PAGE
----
- Develop the capacity to self-soothe, self-regulate, tolerate connection with others, accept help, and support and maintain a stable sense of self
- Empower themselves through the use of mindfulness, breath awareness, and self-observation techniques to achieve more emotional control
- Develop tools to enhance their capacity for positive experiences and self-care
Anita Mandley, MS, LCPC, who has more than 30 years of experience in the mental health field, serves as the team leader for the Adult Trauma Team and the Dialectical Behavior Team at the Center for Contextual Change in Skokie, Illinois.
Posted in Anxiety, Depression and Trauma, Mind, Body, and Brain, Personal and Professional Development, Sunday: 10 a.m. – 1 p.m., workshops
Tagged Anita Mandley, Mindfulness, New Tools and Methods, Trauma
How to Work with Rage, Terror, Shame, and Despair
Trauma often results in the loss of secure attachment, especially for children and adolescents who’ve lost hope that others can be supportive, protective, and caring. As a result, traumatized youth often find it difficult to trust that a therapist has their best interests at heart, which can increase the likelihood of volatile treatment sessions. In this workshop, you’ll explore how to create the sense of secure attachment needed for effective treatment. Discover how to:
- Create a safe therapeutic climate by establishing clear ground rules for treatment and how to best communicate those rules to clients
- Follow the sequential steps in the mentalization process and separate the effects of our own unresolved traumas from the emotional storm states of our clients
- Identify the transferential triggers of the client’s past traumatic relationships and how to repair the ruptures when they’re enacted in therapy
Amelio D’Onofrio, PhD, is clinical professor and director of the Psychological Services Institute at Fordham University. He is also founder of The Florence Seminars in Mental Health in Florence, Italy. He is the author of Adolescent Self-injury: A Comprehensive Guide for Counselors and Health Care Professionals.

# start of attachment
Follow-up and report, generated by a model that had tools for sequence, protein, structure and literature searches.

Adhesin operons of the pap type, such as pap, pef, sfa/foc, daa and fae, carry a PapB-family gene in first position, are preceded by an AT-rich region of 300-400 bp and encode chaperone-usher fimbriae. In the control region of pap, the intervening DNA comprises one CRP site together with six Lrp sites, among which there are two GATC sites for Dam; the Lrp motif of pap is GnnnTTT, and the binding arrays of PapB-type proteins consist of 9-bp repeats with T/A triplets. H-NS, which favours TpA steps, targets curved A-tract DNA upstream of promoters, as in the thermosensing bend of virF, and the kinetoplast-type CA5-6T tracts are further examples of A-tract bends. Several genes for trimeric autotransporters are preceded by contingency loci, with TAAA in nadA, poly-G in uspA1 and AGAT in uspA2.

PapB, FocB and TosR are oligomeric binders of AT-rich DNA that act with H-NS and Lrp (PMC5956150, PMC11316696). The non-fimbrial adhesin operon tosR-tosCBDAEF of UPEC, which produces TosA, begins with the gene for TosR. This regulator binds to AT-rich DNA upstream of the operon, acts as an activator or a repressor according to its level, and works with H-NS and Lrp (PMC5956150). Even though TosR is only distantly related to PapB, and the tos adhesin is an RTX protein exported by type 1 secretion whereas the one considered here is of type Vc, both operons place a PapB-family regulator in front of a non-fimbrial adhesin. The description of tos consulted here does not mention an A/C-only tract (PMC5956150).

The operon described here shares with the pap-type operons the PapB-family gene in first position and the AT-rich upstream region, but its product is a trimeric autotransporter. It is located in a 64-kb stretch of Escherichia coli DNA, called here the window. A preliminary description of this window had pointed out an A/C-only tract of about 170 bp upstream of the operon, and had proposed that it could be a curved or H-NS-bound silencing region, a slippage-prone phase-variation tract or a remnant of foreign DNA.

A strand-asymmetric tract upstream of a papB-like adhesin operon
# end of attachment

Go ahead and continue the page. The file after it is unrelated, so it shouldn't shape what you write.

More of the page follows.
Posted in Couples, Kids, and Families, Mind, Body, and Brain, Sunday: 10 a.m. – 1 p.m., workshops
Tagged Adolescents, Amelio D'Onofrio, Challenging Clients and Treatment Populations, Families, Kids, Tauma
The Do’s and Don’ts
Although 42 percent of Americans have a close stepfamily relationship, many therapists still don’t appreciate the intense challenges of creating a new family organization. Parents and stepparents often find themselves in conflict over discipline, grappling with differences in family cultures, and tangling with ex-spouses. We see children overwhelmed with losses and loyalties who are struggling with all the changes in their lives. This workshop will explore three levels of interventions to address these challenges:
- Psychoeducational interventions that offer proven information about what works and doesn’t work for surviving stress and building thriving relationships
- Skill-building interventions that help clients learn how and when to say difficult things to each other
- Intrapsychic interventions that explore how old family of origin issues can be triggered by the stresses of stepfamily life
Patricia Papernow, EdD, has worked as a trainer, consultant, and therapist with stepfamily relationships for more than 30 years. She’s the director of the Institute for Stepfamily Education and the author of the award-winning books Surviving and Thriving in Stepfamily Relationships and Becoming a Stepfamily.
A Therapist’s Primer on Diet and Weight